He was accused of a crime he never committed. Witnesses were hired to lie. The jury was rigged. No lawyer was assigned to his defense. A Judge swayed by politics handed down the death penalty.
They killed him.
He left as he came – penniless. He was buried in a borrowed grave, his funeral financed by compassionate friends. Though he once had everything...
Josh McDowell writes, in his book, Answers To Tough Questions Skeptics Ask About The Christian Faith;
Lest anyone think this isn’t something marvelous, we’d like to give you this challenge. Find ten people from your local area having similar backgrounds, who speak the same language, and are all from basically the same culture. Then separate them an ask them to write their opinion on only one controversial subject, such as they meaning of life.
When, they have finished, compare the conclusions of these ten writers. Do they agree with each other? Of course not. But the Bible did not consist of merely ten authors, but 40. It was not written in one generation, but over a period of 1,500 years; not by authors with the same education, culture or language, but with vastly different educations, many different cultures, from 3 continents and 3 different languages, and finally not just one subject but hundreds.
And yet the bible there is unity. There is complete harmony, which can not be explained by coincidence or collusion. The unity of the bible is a strong argument in favor of it’s divine inspiration.
‘Whereas, it is the duty of all nations to acknowledge the Providence of Almighty God, to obey his will, to be grateful for his benefits, humbly implore his protection and favor…” (1st Proclamation of a national day of Thanksgiving, Oct. 3, 1789).
Se cuenta la fábula de un mercader en Baghdad que envió a su siervo al mercado. El siervo retornó más pronto de lo esperado, pálido y temblando. Le dijo a su amo, “Cuando estaba en el mercado sentí que alguien me estaba empujando, cuando me di vuelta vi que era la muerte la que me empujaba. Ella me miró y me hizo un gesto amenazante. Por favor, présteme un caballo para que yo pueda escapar a Samarra y esconderme allí para que la muerte no pueda encontrarme.”
El amo le prestó el caballo y el siervo salió huyendo a todo galope. Más tarde el mercader fue al mercado y vio a la muerte entre la multitud. Se le acercó y le dijo, “¿Por qué has asustado a mi siervo esta mañana? ¿Por qué lo amenazaste?”
La muerte contestó: “Yo no lo amenacé ni quise asustarlo. Fue sencillamente que no pude contener un gesto de asombro. Yo estaba sorprendida de verlo en Bagdad, porque yo tengo una cita con él esta noche en Samarra.”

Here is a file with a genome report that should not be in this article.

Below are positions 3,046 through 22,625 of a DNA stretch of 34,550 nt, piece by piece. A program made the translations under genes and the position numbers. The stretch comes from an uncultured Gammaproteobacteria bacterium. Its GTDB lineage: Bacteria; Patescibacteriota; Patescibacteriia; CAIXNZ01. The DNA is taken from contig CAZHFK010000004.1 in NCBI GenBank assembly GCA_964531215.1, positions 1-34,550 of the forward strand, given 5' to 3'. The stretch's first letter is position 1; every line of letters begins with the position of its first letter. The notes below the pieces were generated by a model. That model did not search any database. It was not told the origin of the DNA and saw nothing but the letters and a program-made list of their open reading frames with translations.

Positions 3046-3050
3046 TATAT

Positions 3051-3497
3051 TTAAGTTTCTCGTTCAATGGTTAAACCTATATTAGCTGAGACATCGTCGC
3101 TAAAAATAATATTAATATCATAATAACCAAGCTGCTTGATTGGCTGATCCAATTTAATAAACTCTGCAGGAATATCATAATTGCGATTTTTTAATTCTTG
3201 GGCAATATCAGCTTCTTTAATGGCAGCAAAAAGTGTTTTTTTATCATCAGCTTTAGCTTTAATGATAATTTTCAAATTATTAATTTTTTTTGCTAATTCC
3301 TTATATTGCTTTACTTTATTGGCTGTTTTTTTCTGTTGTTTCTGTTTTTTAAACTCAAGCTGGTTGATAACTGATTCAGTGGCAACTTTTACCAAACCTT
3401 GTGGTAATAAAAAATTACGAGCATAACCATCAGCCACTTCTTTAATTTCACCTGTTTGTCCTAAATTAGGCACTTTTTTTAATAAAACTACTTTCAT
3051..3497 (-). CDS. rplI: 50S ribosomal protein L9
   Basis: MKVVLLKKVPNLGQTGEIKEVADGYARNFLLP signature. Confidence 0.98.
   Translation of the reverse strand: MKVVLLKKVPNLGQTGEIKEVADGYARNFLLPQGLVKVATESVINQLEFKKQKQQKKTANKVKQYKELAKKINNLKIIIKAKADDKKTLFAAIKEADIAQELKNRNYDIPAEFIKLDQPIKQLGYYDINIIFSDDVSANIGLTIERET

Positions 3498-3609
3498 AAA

POWER OF A PRAYING MOTHER
The year was 1820 and Peter Richley was a grateful man. He had survived one of the strangest and most harrowing events known to mankind. The ship which he had been traveling on sank. He was rescued. By some strange twist of circumstance, however, this ship sank.
He was rescued again. But, this third ship sank likewise. He was rescued for a third time. Yet, his fourth ship of passage soon sank. And unbelievably, he was rescued for a fourth time, but this fifth ship sank as well.
It would have been laughable had it not been so serious. On the high seas, however, he floated with the serene confidence that somehow God did not want him to die. And sure enough, as if on cue, another ship came by and answered his call for help.
This ocean liner, The City of Leeds, was named after it’s British city of orgin. It was bound from England to Australia and traveled the same sea lane as Peter Richley’s downed ships. The crew of The City of Leeds hoisted Peter aboard. Dry clothing was provided to Peter. The ship’s doctor gave him a cursory exam, pronounced him fit, and then asked an unusual favor.
“There’s a lady on board who booked passage to Australia,” the doctor explained. “She’s looking for her son who disappeared years ago. She’s dying and she’s asking to see her son. She knows everybody on board and since you’re the only newcomer, would you pretend to be her son?”
Peter agreed. After all, his life had now been saved for the fifth time. He followed the doctor below deck and entered into a cabin. There on a small bed lay a frail woman with silvered-hair. She was obviously suffering from a very high fever. Deliriously, she was crying out. “Please God. Let me see my son before I die. I must see my son!”